“Working in the Charity Shop has really helped me and has been a good experience” – Service User, Dave.

My name is Louise Jeffries and I am the Lead Occupational Therapist (OT) for the Medium Secure Division, Northampton. I qualified in 1995 and since this time have worked in medium secure services, with 18 years dedicated to St. Andrew’s Healthcare.

I am using this opportunity to share a positive experience of an individual who accessed Workbridge light and heavy industry within William Wake House at St Andrew's and then progressed to work in the Charity Shop at Workbridge.

Vona du Toit Model of Creative Ability

Within my practice, I use the Vona du Toit Model of Creative Ability (VdTMoCA). Vona was an OT who worked in South Africa in the 1960’s and 70’s and was passionate about helping patients recover from mental illness, with a focus on vocational rehabilitation. Vona was an inspiration for the OT profession and inspires me greatly today. The VdTMoCA enables the OT to carefully grade and adapt activities to best suit an individual’s level of ability to make sure they develop skills at the right pace and activities are not too threatening or demanding. It aims to help individuals reach their maximum potential, at the right time and the right pace.

I want to introduce a patient of mine, Dave, who valued the work role and at some point in his future wanted to access voluntary or part time paid work. Dave lacked self-confidence and his self-esteem was low, which made him feel a little uncertain about his skills and abilities to fulfil his goal.

The vocational pathway at Workbridge was ideal for Dave to start his journey albeit with some anxiety and trepidation. It is not as easy as just attending his session in Workbridge light industry, it is far more complex than that and this is what I want to illustrate. I will do so through highlighting the skills required to perform vocational activities and how, as a therapist, I supported Dave to ensure he would succeed at a rate appropriate for him. However, the whole process is too detailed to share so I just want to give a flavour of the process and considerations.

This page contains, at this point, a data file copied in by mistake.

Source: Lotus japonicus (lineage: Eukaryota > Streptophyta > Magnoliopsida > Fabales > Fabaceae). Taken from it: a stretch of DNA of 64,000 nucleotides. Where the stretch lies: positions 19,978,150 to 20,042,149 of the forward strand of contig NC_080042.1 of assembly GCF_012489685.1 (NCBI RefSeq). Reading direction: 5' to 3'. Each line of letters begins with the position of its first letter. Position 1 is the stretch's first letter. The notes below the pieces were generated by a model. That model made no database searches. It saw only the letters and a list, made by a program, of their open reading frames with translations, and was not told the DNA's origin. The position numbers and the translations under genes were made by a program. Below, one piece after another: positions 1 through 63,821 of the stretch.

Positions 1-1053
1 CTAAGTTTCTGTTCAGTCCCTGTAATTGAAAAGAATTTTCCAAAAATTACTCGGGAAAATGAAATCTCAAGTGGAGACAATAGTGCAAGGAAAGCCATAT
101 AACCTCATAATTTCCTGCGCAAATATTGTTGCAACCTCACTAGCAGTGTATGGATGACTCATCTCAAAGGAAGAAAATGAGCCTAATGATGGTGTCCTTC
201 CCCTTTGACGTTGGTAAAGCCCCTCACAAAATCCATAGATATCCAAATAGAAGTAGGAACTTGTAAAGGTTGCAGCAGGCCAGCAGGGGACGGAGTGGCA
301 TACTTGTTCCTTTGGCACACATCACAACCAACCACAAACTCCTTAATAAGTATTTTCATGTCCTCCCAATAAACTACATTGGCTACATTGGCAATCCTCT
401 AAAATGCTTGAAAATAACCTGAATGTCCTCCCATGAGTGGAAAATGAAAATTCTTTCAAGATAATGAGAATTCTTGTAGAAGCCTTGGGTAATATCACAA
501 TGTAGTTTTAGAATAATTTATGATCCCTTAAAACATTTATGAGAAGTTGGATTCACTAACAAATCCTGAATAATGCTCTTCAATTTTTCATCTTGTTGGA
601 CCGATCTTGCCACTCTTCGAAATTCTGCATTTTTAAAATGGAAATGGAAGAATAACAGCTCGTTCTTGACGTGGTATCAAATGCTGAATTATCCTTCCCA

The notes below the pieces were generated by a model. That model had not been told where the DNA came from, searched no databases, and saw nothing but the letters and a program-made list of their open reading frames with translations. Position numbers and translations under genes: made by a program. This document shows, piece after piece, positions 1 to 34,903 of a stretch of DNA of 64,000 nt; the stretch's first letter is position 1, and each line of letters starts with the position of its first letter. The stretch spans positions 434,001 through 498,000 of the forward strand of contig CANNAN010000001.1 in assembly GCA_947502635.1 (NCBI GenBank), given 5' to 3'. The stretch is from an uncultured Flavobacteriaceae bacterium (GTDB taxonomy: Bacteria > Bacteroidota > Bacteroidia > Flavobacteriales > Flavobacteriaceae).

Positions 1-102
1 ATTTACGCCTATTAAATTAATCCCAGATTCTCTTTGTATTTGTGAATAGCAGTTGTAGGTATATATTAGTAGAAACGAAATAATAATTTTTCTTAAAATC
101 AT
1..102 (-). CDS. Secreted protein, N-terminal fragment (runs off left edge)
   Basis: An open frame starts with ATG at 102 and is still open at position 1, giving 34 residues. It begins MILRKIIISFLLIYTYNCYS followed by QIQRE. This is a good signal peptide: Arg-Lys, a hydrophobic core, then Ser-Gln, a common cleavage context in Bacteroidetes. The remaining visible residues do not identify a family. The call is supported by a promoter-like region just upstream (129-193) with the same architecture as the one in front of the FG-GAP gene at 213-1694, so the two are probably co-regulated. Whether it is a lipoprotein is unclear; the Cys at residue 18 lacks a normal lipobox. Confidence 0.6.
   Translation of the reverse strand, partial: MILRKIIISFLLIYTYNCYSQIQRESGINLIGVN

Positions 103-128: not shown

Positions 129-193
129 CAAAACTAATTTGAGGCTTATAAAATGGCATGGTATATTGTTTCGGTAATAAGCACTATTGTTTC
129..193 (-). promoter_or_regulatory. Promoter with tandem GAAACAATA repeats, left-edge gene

Personal presentation is the initial stage in vocational rehabilitation which includes:

  • - regular attendance,
  • - punctuality,
  • - appearance,
  • - personal attitude,
  • - self-control
  • - and discipline.

These are all challenging skills to acquire if you’re mental health isn’t at its best. I think sometimes healthcare professionals take these skills for granted without considering the enormous effort and skill required to arrive on time and be dressed appropriately for sessions.

Social presentation is also an essential part of vocational rehabilitation including:

  • - interactions with a wider social and professional group,
  • - taking and giving instructions,
  • - delegation
  • - and coping with criticism and praise.

Work competency is highly demanding and includes the ability to:

  • - concentrate,
  • - follow instructions,
  • - recall information,
  • - organise workspace,
  • - accuracy,
  • - neatness,
  • - evaluating work and self,
  • - correcting errors,
  • - decision-making,
  • - perseverance and judgement.

These skills and abilities were introduced gradually over many months taking into consideration the demands of personal presentation, social interactions and task demands. At each stage of accomplishment, I checked with Dave the next step to take. We had contingency plans in place when he accessed new environments or conducted new tasks, to give me the ‘nod’ if he wanted to leave or the task was too challenging. We negotiated together, with each new opportunity, I clearly explained what to expect and what was expected of him to reduce anxieties and increase competency.

In addition, living in a medium secure environment Dave had to demonstrate his responsibility whilst accessing high-risk areas with heavy machinery and tools. These are added pressures that people do not always understand and appreciate how challenging it can be to ‘prove’ oneself worthy of accessing environments outside of medium secure care.

Dave and I experienced every new challenge together during many sessions over many months, carefully grading each step to ensure the end goal was achieved to work in the Workbridge Charity shop. However, this in itself brought new challenges requiring further negotiation, careful management of emotions to ensure developing confidence and continued skill acquisition.

As a therapist, it was an absolute pleasure to work alongside Dave during this journey. A journey, which is currently on hold due to Covid-19 restrictions, however a journey Dave will now continue in low secure services.

I commend Dave for the effort he has put in to this part of his recovery and how this provides the basis for him to grow as an individual and achieve his goals. Without the opportunities Workbridge provides, this would not have been possible.


Louise Jeffries
Lead Occupational Therapist
Medium secure Division, St Andrew's Healthcare